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Sound On Sound Eschews NYC for New Jersey

By Steve Harvey. After 30 years of owning studios in Manhattan, resilient recorder Dave Amlen had to close MSR (formerly Right Track) in Times Square. Now he’s back with a new multi-room facility, Sound On Sound, nearby in New Jersey.

Montclair, NJ (December 19, 2017)—After 30 years of owning and operating various recording studios in Manhattan, David Amlen was driven out of the city last year by New York’s construction boom. First, his renowned A509 facility became a victim of Manhattan’s real estate market in 2008, then 2016 found him closing MSR Studios (formerly Right Track, later renamed Legacy) for a different—but related—reason.

“We had lots of business,” says Amlen, “but people couldn’t work,” due to construction on all sides of MSR’s Times Square facility. “We were able to work around it for two years, then the last year became untenable.”

Not one to sit still, he opened the doors to his new two-room Sound On Sound Recording complex in Montclair, NJ in mid-November. Moving to the suburbs, less than a half-hour train ride from the city, makes smart financial sense. Amlen initially scouted Manhattan locations, but the rents were exorbitant: “A space comparable to this one was three times what we’re paying.”

Despite New Jersey’s historic “bridge and tunnel” reputation, the new location, in a former Cadillac dealership, is in a decidedly tony locale. “I drive by Stephen Colbert’s house on the way to work every day,” he says. Indeed, the townships from Maplewood, to the south, north to Englewood are home to many of the region’s entertainment professionals, including Broadway musicians, jazzers such as Christian McBride, Billy Hart and Wallace Roney, and filmmakers and scoring composers.

Amlen hired industry veteran Tony Drootin as facility and booking manager. Drootin, who spent years as manager of numerous Manhattan commercial facilities, including Sony Music Studios, Unique Recording, Daddy’s House and Platinum Sound, is already taking bookings.

“We have a film score slated, with a 40-piece ensemble,” Drootin reports. “We have a soprano opera singer with acoustic guitar coming. And our first session is a video shoot with DMC from Run DMC; he lives two towns away. There is a huge music community in Montclair, this county and Bergen County.”

The building, with its steel frame and concrete floors, now houses two studios designed by Amlen in consultation with acoustician George Augspurger. Studio A encompasses a large tracking space and four iso rooms, three accommodating a full drum kit, including two that can house a nine-foot grand piano. Up to 15 musicians can fit into the B room, which offers two iso booths. Both control rooms are outfitted with soffit-mounted Augspurger-designed main monitors plus a selection of nearfields.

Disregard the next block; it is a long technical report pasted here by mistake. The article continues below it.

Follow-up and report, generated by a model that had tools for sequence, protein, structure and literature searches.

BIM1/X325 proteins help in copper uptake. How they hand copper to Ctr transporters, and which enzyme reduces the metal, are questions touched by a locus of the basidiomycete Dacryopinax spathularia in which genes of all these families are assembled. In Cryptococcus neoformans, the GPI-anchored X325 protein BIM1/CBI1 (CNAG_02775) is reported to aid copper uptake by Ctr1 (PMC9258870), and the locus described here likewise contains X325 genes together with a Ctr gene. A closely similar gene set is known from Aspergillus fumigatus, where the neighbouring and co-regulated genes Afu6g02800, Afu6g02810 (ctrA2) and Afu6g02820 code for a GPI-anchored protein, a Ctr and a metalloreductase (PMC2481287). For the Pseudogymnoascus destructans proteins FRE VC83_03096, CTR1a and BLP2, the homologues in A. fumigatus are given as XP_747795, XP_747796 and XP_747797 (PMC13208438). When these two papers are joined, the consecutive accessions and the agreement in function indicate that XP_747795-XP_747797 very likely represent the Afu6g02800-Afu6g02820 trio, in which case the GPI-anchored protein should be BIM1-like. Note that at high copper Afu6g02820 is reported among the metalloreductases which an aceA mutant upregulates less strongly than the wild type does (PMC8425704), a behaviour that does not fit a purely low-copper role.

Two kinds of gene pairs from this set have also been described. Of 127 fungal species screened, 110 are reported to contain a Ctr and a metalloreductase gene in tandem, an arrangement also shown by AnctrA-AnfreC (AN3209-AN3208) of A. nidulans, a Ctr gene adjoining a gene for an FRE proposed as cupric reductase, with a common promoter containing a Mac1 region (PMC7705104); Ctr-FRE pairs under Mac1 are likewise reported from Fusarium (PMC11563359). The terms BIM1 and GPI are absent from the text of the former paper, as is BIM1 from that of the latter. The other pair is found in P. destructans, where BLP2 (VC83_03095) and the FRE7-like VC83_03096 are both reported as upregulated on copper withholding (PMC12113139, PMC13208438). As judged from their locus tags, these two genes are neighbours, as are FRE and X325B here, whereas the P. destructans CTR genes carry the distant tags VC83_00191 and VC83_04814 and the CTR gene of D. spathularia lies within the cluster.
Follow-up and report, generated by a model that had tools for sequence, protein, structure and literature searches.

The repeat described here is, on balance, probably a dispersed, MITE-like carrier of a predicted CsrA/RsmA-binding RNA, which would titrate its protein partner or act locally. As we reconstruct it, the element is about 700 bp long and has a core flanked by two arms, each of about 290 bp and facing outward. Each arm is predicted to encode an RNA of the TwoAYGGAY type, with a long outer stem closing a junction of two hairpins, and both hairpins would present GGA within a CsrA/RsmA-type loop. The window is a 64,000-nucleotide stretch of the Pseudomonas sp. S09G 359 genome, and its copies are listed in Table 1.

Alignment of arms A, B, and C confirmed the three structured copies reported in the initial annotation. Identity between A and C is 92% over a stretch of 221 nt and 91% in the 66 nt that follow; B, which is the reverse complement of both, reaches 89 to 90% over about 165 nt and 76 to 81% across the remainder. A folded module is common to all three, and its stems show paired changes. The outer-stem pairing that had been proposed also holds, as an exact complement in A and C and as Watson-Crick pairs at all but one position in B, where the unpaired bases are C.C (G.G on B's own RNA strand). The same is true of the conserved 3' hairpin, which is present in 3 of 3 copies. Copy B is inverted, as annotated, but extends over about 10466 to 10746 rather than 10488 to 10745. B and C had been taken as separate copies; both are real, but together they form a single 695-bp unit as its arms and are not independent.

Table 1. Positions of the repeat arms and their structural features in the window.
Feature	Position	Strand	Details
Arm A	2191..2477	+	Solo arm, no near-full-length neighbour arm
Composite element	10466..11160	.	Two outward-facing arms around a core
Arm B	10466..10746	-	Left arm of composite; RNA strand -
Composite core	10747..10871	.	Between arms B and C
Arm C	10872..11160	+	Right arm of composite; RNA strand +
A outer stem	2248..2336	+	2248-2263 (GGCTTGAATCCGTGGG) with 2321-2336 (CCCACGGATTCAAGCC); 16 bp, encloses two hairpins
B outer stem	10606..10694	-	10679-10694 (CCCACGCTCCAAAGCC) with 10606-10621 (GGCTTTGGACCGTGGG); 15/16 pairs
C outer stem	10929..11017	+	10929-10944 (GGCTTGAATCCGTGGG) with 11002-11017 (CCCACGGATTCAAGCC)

The centerpiece of the A room is a 72-input Neve VR desk with Flying Faders acquired from the now defunct Blue Jay Studio near Boston, which, during 30-plus years in business, hosted sessions by the likes of Billy Joel, Carly Simon, Aerosmith, Yo-Yo Ma, Roy Orbison, k.d. lang, Lady Gaga, Amy Grant, Boston and Alice Cooper. The desk was refurbished, including a complete recapping, and has been modded by John Musgrave’s Mad Labs.

Amlen made the decision to sell the two SSL J Series consoles previously at MSR, bending to what he sees as an industry trend. “The J has an amazing-sounding mic pre, but there’s a bias for Neve,” he observes. “We have 72 wonderful mic pres in our large tracking room,” with 112 mic inputs from the floor available at the patchbay. Plus, he notes, Pro Tools can be mapped onto the 72 faders for mixing.

The Euphonix System 5 console from MSR has been rehoused in the B room. The desk’s EuCon protocol enables its use as a 72-channel Pro Tools controller.

The Euphonix desk has 48 mic preamps with 72 channels of analog I/O, and 80 mic inputs from its tracking spaces. “In a smaller tracking room, 48 pres plus whatever else we want to roll in gives you a lot of flexibility,” he says.

Rather than lose valuable floor space in the control rooms to tape machines and racks of outboard, Amlen has taken a more minimalist approach. “There’s basic stuff—a Lexicon 480, an Eventide DSP4000—so for someone who wants to do a quick, down-and-dirty vocal or band session, we have reverbs and cue sends. We have the Aviom system with two dedicated stereo cue feeds in B and up to four in A,” he says. The entire facility is wired with Cat 6 and dedicated hi-def video cabling, with tielines between all the rooms and iso booths.

Berklee has announced that its Power Station facility will be refurbished, and there are several Manhattan studios potentially in precarious positions when their leases come up for renewal over the next couple of years. That presents opportunities for Sound On Sound, Drootin believes.

In any case, he says, the facility already offers advantages over its competition in the city. “We could save people $400, $500 a day on a lockout because we’re not in Manhattan. And the commute is less than going to parts of Brooklyn.”

Plus, he says, “We can fit 30 people in the parking lot—and it’s free!”

Sound On Sound Recording